Your parents insist that things were better way ‘back when’. Don’t panic, but they may well be right.
It is hard to avoid reading – and getting depressed – about the burgeoning threat to mankind of the rising obesity epidemic. Some have even postulated that there could be evolutionary consequences as we breed bigger and bigger offspring. Personally I don’t believe evolution works that fast; the impact of gastronomic over-indulgence will be evidenced long before evolutionary genetic change.
The real problem is the low cost of abundance. If we had to grow – or hunt and kill – before we could eat, those of us who survived would be a lot stronger and slimmer. We simply eat too much because food’s cheap, tasty and easily available, yet our physiology hasn’t changed since the days we had to work hard to survive.
I wanted some insights into how things have changed from past eras and that notion encouraged me to revisit a book I read years ago. The Year 1000 paints a very vivid picture of what life was like in Britain at the end of the first millennium. Its authors, Robert Lacey and Danny Danziger, make the observation that the Englishman circa 1000 was strong and healthy, “very much the size of anyone alive today”.
Nine out of 10 of them lived in a “green and unpolluted countryside on a simple, wholesome diet that grew sturdy limbs – and very healthy teeth”.
I’d always imagined our forebears to be smaller than us, but our impression of their stature is conditioned by the size of suits of armour, or the heights of doorways we have seen in castles – constructed by people living hundreds of years after the first millennium.
Indeed, from Medieval through to Georgian times men were indeed smaller than they are today, due largely to malnourishment. They had moved to crowded towns, away from the cornucopia of food and sustenance on the farms and in the villages of previous centuries.
A thousand years ago, lives were regulated by the seasons, rather than dates. Life was seen as cyclical rather than progressively linear. The methods of time-keeping were rudimentary and fixed by sunrise and sunset rather than any sophisticated timepiece.
It was a world lit only by fire. Daytime was a time for labour in the fields and night-time was given over to mythical creatures of the night and, when the occasion called for it, feasting. Banquets lay at the heart of Anglo Saxon life. Spit-roasted beef was the main treat, followed by pork. Venison was specially prized but rare, least favoured was mutton: “food for slaves”. Game birds, poultry and fish were also plentiful. This leads to some interesting nutritional observations.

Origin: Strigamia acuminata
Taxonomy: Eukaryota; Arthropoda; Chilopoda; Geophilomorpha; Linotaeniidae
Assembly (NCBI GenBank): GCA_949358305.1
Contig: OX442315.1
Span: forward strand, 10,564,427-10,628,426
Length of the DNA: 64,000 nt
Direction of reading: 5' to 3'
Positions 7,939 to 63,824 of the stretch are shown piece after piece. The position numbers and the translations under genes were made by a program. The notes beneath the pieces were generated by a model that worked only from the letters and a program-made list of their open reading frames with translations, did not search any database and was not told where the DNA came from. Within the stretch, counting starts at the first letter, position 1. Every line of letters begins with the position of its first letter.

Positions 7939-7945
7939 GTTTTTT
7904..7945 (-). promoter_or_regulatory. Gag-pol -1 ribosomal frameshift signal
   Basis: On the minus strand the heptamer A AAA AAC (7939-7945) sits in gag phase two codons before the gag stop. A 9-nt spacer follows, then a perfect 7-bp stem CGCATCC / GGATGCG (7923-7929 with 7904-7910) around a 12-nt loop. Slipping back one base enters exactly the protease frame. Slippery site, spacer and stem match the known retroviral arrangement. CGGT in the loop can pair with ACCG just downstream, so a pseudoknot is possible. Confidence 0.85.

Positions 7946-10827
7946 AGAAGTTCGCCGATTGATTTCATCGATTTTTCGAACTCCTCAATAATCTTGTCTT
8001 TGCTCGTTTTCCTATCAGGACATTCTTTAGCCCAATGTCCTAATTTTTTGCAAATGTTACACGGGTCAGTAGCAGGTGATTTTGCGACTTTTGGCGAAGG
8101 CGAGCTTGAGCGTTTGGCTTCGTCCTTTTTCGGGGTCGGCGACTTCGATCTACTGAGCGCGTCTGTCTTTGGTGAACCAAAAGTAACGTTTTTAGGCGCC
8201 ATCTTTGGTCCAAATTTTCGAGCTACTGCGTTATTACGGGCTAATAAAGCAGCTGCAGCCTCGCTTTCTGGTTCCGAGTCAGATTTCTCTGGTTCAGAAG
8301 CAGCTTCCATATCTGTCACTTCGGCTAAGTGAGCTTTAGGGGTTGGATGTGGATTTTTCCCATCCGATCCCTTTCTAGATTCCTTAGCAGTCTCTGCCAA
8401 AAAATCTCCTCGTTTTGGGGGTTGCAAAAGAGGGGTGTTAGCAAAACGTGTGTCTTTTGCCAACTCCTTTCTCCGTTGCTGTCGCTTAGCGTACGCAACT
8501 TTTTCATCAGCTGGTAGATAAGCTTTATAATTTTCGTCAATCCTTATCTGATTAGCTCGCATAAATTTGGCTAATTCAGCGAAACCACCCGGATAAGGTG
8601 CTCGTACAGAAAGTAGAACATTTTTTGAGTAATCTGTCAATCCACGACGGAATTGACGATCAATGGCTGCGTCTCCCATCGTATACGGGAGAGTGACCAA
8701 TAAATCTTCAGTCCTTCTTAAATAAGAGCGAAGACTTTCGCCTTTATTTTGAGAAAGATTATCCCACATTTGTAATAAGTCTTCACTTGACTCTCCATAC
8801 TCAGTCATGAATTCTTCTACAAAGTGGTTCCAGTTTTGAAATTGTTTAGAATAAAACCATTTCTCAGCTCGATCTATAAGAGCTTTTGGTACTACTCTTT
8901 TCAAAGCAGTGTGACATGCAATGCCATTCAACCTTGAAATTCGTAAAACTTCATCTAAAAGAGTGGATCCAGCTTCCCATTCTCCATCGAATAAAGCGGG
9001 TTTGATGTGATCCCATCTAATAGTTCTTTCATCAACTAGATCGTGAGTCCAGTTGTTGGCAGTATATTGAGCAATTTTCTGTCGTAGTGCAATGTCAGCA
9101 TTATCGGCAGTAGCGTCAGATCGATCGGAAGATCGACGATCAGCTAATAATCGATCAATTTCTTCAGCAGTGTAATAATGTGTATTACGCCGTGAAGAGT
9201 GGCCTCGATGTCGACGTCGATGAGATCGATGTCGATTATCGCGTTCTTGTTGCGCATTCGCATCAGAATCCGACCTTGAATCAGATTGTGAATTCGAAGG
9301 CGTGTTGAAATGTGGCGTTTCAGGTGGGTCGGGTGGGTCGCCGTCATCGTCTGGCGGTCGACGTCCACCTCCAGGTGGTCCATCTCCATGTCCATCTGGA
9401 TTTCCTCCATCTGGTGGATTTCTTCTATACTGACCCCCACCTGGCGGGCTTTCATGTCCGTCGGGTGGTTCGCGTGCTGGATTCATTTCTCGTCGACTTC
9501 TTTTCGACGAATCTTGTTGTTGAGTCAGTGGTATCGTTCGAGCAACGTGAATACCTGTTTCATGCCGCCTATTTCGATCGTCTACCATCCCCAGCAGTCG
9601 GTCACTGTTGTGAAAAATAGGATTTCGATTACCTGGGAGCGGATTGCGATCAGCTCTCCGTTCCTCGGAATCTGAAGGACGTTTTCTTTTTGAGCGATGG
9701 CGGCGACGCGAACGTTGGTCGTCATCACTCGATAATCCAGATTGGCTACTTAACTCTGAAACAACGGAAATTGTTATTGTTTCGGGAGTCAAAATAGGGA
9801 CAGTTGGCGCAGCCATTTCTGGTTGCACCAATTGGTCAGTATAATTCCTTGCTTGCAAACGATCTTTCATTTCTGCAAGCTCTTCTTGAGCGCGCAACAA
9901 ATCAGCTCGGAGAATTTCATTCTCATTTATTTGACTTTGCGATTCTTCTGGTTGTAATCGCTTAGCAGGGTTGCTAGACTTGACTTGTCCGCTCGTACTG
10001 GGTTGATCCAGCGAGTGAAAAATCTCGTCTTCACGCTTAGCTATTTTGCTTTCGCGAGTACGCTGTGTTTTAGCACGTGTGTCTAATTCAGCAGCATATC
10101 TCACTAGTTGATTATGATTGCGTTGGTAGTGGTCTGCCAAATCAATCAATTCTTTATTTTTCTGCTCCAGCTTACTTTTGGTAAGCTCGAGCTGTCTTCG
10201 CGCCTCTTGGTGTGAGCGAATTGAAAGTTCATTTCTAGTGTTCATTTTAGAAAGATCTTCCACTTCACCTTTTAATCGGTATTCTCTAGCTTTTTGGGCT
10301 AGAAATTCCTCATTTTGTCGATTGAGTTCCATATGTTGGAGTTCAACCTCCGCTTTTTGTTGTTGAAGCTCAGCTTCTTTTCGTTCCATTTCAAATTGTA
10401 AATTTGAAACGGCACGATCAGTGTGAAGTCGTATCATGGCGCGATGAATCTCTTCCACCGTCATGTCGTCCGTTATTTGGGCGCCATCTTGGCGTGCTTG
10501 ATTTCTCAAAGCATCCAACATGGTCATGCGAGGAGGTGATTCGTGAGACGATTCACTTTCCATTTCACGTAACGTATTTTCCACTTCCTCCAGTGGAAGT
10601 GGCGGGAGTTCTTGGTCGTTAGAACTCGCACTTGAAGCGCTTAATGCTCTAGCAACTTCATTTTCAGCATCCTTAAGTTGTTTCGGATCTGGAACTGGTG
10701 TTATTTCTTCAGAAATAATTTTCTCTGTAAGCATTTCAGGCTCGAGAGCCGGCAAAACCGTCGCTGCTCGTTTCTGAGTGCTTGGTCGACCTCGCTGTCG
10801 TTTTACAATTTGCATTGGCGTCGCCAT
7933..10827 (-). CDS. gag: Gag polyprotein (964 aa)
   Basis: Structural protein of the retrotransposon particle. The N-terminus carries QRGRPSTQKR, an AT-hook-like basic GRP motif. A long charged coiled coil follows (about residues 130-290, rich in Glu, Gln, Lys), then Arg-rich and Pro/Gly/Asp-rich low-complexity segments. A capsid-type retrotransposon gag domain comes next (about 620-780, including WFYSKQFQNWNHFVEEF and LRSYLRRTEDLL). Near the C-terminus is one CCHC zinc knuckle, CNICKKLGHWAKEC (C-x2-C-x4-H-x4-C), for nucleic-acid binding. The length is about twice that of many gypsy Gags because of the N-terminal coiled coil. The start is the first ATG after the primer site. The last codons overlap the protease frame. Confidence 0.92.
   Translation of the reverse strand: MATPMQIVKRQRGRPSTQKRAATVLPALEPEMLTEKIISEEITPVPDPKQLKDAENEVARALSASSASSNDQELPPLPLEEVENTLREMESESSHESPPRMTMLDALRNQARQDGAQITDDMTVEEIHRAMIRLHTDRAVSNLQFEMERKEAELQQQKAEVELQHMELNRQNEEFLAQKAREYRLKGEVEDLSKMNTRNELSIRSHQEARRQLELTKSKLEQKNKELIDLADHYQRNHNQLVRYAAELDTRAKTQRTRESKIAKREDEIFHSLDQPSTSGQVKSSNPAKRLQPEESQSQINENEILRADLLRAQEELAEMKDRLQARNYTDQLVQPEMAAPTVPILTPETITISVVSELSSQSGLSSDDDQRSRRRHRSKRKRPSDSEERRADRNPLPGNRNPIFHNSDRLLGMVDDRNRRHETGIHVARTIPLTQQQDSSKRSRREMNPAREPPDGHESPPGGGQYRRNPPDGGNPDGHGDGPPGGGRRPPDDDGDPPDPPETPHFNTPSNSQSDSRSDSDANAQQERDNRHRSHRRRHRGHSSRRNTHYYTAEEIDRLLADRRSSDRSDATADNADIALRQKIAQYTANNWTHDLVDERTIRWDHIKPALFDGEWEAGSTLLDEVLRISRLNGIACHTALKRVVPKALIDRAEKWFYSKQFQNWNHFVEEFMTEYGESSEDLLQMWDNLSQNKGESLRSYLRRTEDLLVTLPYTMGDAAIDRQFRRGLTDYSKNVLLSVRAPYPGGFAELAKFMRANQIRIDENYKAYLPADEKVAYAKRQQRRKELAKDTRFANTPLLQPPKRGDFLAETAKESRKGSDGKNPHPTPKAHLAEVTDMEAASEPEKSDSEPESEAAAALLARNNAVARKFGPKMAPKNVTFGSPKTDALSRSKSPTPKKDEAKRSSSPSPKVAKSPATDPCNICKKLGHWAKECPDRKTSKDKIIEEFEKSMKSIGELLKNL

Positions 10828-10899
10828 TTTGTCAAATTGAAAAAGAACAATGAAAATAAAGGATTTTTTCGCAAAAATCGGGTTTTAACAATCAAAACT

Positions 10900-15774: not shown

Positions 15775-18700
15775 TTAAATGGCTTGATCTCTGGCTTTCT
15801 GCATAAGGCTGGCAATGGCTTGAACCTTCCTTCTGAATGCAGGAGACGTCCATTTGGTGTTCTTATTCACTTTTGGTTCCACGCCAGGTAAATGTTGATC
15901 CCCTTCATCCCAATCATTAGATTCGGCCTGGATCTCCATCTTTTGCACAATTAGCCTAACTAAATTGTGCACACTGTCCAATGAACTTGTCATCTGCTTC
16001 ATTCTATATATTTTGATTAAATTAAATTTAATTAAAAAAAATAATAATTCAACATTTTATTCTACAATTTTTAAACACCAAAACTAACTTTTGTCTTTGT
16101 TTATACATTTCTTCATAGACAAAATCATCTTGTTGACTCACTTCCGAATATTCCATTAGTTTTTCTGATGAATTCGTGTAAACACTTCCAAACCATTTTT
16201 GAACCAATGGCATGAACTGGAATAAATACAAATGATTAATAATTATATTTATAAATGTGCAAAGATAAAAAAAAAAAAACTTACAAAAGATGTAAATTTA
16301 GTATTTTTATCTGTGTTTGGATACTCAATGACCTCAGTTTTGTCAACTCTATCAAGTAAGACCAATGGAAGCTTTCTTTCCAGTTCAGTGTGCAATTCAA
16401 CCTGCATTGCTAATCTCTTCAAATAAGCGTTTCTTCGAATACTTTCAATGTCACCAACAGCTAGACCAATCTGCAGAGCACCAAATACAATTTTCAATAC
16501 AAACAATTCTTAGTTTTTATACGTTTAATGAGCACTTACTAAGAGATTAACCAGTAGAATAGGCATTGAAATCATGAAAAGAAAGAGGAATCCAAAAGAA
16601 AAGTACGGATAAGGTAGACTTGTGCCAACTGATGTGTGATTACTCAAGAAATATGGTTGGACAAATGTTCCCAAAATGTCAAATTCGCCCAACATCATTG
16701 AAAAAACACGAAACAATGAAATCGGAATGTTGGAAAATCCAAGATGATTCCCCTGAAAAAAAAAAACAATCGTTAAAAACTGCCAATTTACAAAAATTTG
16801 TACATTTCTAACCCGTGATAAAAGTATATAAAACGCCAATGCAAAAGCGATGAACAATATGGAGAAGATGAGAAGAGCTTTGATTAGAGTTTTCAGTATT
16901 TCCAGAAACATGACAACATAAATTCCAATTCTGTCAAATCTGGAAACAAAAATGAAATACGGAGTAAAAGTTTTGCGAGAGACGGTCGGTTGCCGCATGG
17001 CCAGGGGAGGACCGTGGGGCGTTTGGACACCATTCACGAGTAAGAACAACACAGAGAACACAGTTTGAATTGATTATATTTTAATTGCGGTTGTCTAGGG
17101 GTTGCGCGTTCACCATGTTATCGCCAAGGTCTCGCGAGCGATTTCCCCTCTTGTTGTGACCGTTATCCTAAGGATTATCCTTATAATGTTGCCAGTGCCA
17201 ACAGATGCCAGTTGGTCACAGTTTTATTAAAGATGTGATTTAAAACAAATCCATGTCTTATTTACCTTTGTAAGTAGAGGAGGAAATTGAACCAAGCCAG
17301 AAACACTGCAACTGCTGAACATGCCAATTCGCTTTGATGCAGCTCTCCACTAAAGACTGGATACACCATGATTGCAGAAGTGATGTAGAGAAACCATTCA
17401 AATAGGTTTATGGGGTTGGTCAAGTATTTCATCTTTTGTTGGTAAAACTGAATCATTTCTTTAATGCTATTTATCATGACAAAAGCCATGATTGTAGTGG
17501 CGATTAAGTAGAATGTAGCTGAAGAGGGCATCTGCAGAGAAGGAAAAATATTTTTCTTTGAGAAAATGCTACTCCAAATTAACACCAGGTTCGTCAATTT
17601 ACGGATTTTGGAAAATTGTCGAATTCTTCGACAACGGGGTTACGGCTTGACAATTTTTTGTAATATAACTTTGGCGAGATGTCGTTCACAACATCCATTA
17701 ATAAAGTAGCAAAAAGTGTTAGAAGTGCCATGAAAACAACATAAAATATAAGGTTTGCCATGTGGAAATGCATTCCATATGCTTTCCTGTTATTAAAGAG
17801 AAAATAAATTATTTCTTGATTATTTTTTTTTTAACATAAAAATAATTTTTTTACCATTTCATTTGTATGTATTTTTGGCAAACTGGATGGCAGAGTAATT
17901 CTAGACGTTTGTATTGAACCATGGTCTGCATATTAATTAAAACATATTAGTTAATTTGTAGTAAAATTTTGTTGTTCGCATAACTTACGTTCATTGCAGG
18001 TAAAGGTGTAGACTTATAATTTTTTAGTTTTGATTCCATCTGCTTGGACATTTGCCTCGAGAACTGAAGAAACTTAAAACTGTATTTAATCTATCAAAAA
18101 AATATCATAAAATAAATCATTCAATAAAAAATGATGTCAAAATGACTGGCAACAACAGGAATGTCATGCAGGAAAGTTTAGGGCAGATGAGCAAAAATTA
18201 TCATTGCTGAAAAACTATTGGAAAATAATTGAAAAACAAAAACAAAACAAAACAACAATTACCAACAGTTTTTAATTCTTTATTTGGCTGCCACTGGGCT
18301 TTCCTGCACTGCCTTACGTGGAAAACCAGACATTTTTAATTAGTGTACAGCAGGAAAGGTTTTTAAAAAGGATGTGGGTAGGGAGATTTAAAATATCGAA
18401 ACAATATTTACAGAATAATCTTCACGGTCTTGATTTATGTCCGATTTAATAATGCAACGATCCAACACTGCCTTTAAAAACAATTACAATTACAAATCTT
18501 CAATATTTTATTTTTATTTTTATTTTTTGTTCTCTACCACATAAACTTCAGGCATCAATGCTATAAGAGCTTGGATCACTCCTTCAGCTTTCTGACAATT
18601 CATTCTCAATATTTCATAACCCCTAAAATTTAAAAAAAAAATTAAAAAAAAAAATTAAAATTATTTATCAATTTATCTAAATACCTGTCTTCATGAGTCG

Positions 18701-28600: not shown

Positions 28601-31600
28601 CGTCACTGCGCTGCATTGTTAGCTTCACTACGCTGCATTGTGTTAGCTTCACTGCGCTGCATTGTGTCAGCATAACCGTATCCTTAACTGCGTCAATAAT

“The relatively small amounts of fat on all these meats would be viewed by modern nutritionists with quite a kindly eye,” Lacey and Danziger wrote. “All Anglo Saxon animals were free range, and the Anglo Saxons would have been shocked at the idea of ploughing land to produce animal feed.”
Jenny Craig would have gone broke waiting for customers.
You would have taken your own knife to the feast to carve off chunks of meat or bread, and a wooden spoon would have been used to ladle out a vegetable gruel of some kind.
Spuds hadn’t yet arrived in Europe from South America and the notion of spearing anything with a fork also lay hundreds of years in the future.
A humorous lot, apparently the Anglo Saxons were quick with stories and riddles to help while away the nights. They weren’t altogether sober and responsible, either. Mead, the sweet and potent brew distilled from honeycombs was the drink of choice; ale and wine were plentiful but had to be drunk fresh as there were no stoppered bottles in which to store them.
There was a fair degree of indulgence in mind-altering substances as well, albeit inadvertently. Midsummer madness was common phenomenon. As the long summer nights wore on, say Danziger and Lacey, “people were light-headed through lack of food, and modern chemistry has shown how the ergot that flowered on rye as it grew mouldy was a source of Lysergic acid – LSD, the cult drug of the 1960s”.
Climatically, the world was warmer.
“Edinburgh enjoyed the climate of London, while London enjoyed the climate of the Loire Valley in France. Archaeological evidence indicates that the years 950-1300 were marked by noticeably warmer temperatures than we experience today, even in the age of ‘global warming’ – meteorologists cite it as the explanation of such phenomena as the Viking explosion into Russia, France, Iceland and the north western Atlantic.”
Hence Lief Ericson’s discovery of North America around the year 1000, and the reason he found vines growing in Newfoundland.
Here we come to the point [Ed: Finally!]. We may have more wealth, both personal and national, better technology and infinitely more skilful ways of preserving and extending our lives, even if we are getting fatter, but whether we today display more wisdom or common humanity is an open question.
The final word belongs to Danziger and Lacy: “What C.S. Lewis called the ‘snobbery of chronology’ encourages us to presume that just because we live after our ancestors and can read books which give us some account of what happened back then, we must also know better.” It’s pretty clear we don’t, at least when it comes to nutrition.
I’ll drink to that.